Can having Asset Protection get you in trouble?

Posted on Posted in Asset Protection, Blog Articles

Can having Asset Protection get you in trouble?

Any creditor can attack the implementation of an asset protection plan simply by making allegations that transfers of your assets to other people or entities or the investment of money in exempt assets (such as annuities) thereby constitutes a fraudulent transfer or fraudulent conveyance because these conveyances were implemented with the intent to hinder, avoid, or delay creditor collection. Any asset protection conveyance can be challenged as “fraudulent” for four years even if you had no obligation or duty to the challenging creditor when your asset protection planning was implemented.

The terms “fraudulent transfer” and “fraudulent conveyance” have a bad implication, and many people incorrectly confuse these technical legal terms in asset protection law with the tort of either common fraud or even with criminal fraud. As a result, some people are afraid that asset protection planning could result in their being held liable for damages in fraud or they may even be charged with criminal fraud. However, nothing can be further from the truth. In court decisions in federal courts and courts in a number of states have held that a fraudulent conveyance to avoid creditors claims is neither tortuous fraud or criminal fraud. As a result, a creditor claiming that part of your asset protection planning involved a fraudulent conveyance cannot charge you with the crime of fraud nor can he seek additional civil damages based on common law theories of fraud, deceit, or misrepresentation.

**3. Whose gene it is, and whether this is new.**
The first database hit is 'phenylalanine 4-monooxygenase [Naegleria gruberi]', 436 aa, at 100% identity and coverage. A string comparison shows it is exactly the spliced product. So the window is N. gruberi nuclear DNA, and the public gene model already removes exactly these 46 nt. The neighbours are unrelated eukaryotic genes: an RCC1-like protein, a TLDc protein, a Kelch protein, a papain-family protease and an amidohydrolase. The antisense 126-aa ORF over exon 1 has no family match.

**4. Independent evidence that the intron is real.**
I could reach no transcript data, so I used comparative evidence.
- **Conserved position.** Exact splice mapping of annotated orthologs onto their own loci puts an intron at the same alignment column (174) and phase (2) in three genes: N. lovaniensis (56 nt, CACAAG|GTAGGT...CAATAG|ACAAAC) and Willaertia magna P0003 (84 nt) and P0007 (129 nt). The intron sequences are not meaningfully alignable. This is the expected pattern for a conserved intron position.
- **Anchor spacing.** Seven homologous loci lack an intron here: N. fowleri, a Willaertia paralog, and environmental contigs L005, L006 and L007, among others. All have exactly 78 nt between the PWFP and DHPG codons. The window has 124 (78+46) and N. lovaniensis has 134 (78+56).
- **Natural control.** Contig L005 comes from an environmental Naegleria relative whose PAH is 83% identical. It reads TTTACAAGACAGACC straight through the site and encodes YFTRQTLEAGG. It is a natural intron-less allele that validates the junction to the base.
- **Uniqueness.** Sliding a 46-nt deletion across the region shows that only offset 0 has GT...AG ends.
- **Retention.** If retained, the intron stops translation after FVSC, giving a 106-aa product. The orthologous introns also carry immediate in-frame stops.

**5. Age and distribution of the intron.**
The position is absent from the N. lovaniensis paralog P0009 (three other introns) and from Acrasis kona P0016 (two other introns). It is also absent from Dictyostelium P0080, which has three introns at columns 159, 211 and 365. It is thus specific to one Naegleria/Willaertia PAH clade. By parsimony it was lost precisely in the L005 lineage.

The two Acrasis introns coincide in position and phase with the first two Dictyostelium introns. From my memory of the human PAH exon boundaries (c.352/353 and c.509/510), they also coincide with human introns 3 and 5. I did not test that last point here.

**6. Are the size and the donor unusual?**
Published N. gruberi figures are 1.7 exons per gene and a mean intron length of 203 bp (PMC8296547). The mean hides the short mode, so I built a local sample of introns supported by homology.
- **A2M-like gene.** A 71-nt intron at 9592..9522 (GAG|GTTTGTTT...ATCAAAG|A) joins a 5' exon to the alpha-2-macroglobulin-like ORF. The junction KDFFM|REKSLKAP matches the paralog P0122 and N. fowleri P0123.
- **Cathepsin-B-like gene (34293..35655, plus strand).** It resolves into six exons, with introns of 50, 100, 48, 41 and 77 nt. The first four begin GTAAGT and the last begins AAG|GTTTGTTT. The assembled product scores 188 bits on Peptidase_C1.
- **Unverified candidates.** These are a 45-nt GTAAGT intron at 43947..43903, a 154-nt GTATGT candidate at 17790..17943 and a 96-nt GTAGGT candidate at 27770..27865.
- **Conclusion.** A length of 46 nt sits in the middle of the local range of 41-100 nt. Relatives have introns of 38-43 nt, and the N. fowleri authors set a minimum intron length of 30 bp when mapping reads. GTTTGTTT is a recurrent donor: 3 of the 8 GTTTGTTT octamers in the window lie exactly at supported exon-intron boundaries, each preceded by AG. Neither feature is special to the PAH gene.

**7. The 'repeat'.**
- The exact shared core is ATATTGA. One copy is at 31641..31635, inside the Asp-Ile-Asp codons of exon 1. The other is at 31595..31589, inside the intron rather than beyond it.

Therefore, asset protection planning is unlikely to increase your liability and it’s doubtful that it would get you in trouble. In nearly every case, even if part of your asset protection planning is successfully challenged as a fraudulent conveyance, a court will only put you back in the same legal situation you were in prior to your asset protection plan being implemented.

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